Grand Funk Railroad, Phoenix

Posted on January 11, 2012 by

Artist: Grand Funk Railroad
Title: Phoenix
Label: Capitol 11099
Purchased: January 9th, Cheapo Records, St. Paul, MN
Price: $3.60
Condition: Fine

The title Phoenix represents the band’s break with former manager, Terry Knight after a long year of litigation. It’s also the first LP that was self-produced. Although there is no mention of it on the cover or on the record, this is the last album where the band was known as Grand Funk Railroad. All future releases they would just be Grand Funk.

Bridging the past with the present, “Flight of the Phoenix” open their seventh album, riffing on their Top 40 hit, “Footstompin’ Music.” Craig Frost, listed as a guest on this album (but would later become a full-time member), pumps his keyboard, driving this boogie-rock number. About three-fourth the way through the song, what’s that? A fiddle? To my knowledge, neither Mark, Don, nor Mel was adept at the violin. It totally threw me off my boogie.

It’s not that it was uncommon at the time. Fiddler Papa John Creach, played with Jefferson Airplane / Starship as well as Hot Tuna. Don “Sugarcane” Harris performed with Zappa’s Mothers of Invention and the Pure Food & Drug Act. So if your funk is to be so grand, I can see augmenting your trio with Craig Frost’s keyboards, but a fiddle player? In one of the weirdest guest appearances, Doug Kershaw bows the strings to the boogie. The Louisiana Man showed them the Cajun Way and then went back off to the swamp, never to appear on another track on Phoenix.

“Trying To Get Away” and “Someone” are typical early heavy-rock fare, plodding along with a few tempo changes, something to ponder over a few tokes. “She Got to Move Me” provides a bit more energy with drummer Don Brewer adding spot harmonies to Mark Farner’s lead vocals. Both “Move Me,” and the closing track of side one, “Rain Keeps Fallin’” set the mood of a post-Woodstock hippie life, but the images conjured up in my head are trashy.

Side two opens with the socially aware “I Just Gotta Know,” with Farner providing a voice to the generation, “Hey people are you ready to get into the streets and be your own police?” This anti-war song never reached anthem status and was probably minimal fodder on underground FM stations back in ’72.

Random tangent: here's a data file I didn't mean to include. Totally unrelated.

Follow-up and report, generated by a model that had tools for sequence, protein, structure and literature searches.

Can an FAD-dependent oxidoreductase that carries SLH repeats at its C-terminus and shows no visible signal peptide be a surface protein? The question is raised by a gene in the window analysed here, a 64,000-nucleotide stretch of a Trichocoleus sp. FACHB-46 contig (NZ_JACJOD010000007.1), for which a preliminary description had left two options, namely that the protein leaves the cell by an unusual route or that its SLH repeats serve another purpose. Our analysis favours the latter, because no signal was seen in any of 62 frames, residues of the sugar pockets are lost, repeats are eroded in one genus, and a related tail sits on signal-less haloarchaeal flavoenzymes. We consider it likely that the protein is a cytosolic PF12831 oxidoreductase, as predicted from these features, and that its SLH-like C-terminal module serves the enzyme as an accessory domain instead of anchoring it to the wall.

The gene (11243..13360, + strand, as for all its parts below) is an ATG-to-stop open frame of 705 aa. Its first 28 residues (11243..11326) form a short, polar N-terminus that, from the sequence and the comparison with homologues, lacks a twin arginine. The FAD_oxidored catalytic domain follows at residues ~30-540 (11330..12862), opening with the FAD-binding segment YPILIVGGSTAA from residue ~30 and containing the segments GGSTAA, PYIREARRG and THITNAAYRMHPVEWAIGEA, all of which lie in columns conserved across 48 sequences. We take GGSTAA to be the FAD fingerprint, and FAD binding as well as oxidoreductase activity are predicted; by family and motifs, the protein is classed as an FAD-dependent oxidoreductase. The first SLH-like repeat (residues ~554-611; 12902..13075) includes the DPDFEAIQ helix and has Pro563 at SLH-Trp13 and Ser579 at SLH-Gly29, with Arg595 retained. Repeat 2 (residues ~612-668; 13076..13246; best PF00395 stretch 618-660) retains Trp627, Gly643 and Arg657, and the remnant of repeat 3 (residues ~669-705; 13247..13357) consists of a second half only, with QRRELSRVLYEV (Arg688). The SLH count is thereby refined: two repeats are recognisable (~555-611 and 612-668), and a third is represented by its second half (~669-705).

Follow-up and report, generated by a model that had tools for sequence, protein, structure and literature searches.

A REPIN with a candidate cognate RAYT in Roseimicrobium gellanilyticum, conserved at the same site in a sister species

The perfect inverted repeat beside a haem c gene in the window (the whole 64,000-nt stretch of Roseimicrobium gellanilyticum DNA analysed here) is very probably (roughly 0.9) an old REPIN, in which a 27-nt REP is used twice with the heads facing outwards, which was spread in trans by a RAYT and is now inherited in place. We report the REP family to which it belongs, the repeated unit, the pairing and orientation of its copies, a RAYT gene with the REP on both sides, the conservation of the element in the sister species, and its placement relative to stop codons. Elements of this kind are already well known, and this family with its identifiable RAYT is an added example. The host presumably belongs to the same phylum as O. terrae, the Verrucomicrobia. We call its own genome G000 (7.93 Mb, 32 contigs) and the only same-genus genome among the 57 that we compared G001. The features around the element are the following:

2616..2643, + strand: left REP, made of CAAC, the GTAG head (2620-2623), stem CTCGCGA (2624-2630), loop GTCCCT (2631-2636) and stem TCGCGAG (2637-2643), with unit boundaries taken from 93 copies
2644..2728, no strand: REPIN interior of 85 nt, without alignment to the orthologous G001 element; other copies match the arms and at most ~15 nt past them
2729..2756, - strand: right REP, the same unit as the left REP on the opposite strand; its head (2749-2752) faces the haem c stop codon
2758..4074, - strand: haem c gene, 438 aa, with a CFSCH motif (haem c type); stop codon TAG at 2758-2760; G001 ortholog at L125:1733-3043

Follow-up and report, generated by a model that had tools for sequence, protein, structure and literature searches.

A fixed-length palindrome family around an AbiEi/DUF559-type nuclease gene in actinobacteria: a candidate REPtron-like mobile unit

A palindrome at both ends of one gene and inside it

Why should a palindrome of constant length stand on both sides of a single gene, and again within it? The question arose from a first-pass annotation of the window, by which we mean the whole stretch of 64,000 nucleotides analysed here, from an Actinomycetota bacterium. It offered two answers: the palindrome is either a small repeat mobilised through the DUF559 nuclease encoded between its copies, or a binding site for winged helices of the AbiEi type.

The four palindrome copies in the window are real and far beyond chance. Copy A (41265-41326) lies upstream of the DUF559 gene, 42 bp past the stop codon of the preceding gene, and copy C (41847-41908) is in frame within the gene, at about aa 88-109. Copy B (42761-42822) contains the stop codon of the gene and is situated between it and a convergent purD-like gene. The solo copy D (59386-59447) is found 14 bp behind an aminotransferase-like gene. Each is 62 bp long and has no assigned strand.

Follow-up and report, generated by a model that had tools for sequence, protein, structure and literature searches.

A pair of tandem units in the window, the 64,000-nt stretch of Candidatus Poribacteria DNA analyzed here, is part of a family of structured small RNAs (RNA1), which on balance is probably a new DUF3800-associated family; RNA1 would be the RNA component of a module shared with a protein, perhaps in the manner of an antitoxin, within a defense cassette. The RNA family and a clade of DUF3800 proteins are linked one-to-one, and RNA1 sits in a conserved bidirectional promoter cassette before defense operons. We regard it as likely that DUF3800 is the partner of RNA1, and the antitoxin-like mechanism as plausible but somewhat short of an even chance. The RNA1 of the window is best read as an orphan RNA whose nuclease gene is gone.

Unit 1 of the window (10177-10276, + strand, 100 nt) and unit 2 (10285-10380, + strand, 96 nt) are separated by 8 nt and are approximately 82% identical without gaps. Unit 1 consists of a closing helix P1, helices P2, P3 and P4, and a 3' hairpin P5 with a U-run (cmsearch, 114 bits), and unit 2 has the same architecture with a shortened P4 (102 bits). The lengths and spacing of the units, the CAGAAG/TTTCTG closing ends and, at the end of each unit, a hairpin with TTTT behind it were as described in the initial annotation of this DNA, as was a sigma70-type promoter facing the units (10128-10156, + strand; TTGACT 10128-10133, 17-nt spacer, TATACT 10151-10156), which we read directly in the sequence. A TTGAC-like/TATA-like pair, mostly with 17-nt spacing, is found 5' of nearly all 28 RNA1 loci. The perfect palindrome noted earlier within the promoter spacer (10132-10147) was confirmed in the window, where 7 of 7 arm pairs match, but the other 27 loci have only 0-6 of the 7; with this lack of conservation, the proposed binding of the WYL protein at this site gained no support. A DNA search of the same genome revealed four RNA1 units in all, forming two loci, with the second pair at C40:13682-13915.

The album hits its lowest among lows with “So You Won’t Have To Die.” According to the lyrics, Farner claims that Jesus talked to him, telling him to write this song about the problem of overpopulation.

He said overpopulation is the problem of today.
There’s too many children on the earth, and more on the way.
If you don’t start some birth control, then you won’t last too much longer.
It’s best that we let it save our souls, so we can get much stronger.
Get much stronger.

…And get laid more often without worrying about paternity suits. Shine on you shirtless rock god. There is a future for you in Christian rock

The following track, “Freedom is for Children” is over six-minutes long (“Freedom is for children / ‘Cause they don’t understand what is wrong”). If you can get beyond that opening line, there’s more schlock to follow. The album has now been tainted and I no longer hear songs without pretense. “Gotta Find Me A Better Way” isn’t a bad song, but I think I’d like it better if it were by the James Gang.

The final track, “Rock & Roll Soul” is the song I was in pursuit of when purchasing this album. It has a certain idealism of the time; it’s arena rock that isn’t overplayed like “We’re An American Band.” This song and Craig Frost’s keyboard playing throughout the LP keep it from total failure. If you must purchase a Grand Funk LP, look to the Greatest Hits package. This Phoenix is not a resurrection of a power trio, rising from the ashes of previous rock triads like Cream. It’s more like a lame duck stuck in a grand funk, and not a good funk in the Sly Stone kind of way.

3 Responses to “Grand Funk Railroad, Phoenix”

  1. John King says:

    As far as the message to the song “So You Won’t Have To Die” , doesn’t that contradict where it says in the Bible:”Go Forth And Multiply”?

  2. Rosie the Record store dog says:

    Doug Kershaw playing that fiddle.

  3. DaveAMKrayoGuy says:

    This was recorded in Nashville (Bobby Goldsboro makes a mention of it in his liner notes in his TENTH ANNIVERSARY ALBUM: “so much for just Country music”) and I believe at Soundshop Studios… And nothing really coincidental about it recorded there either… Just really you run-of-the-mill Grand Funk! — Dave

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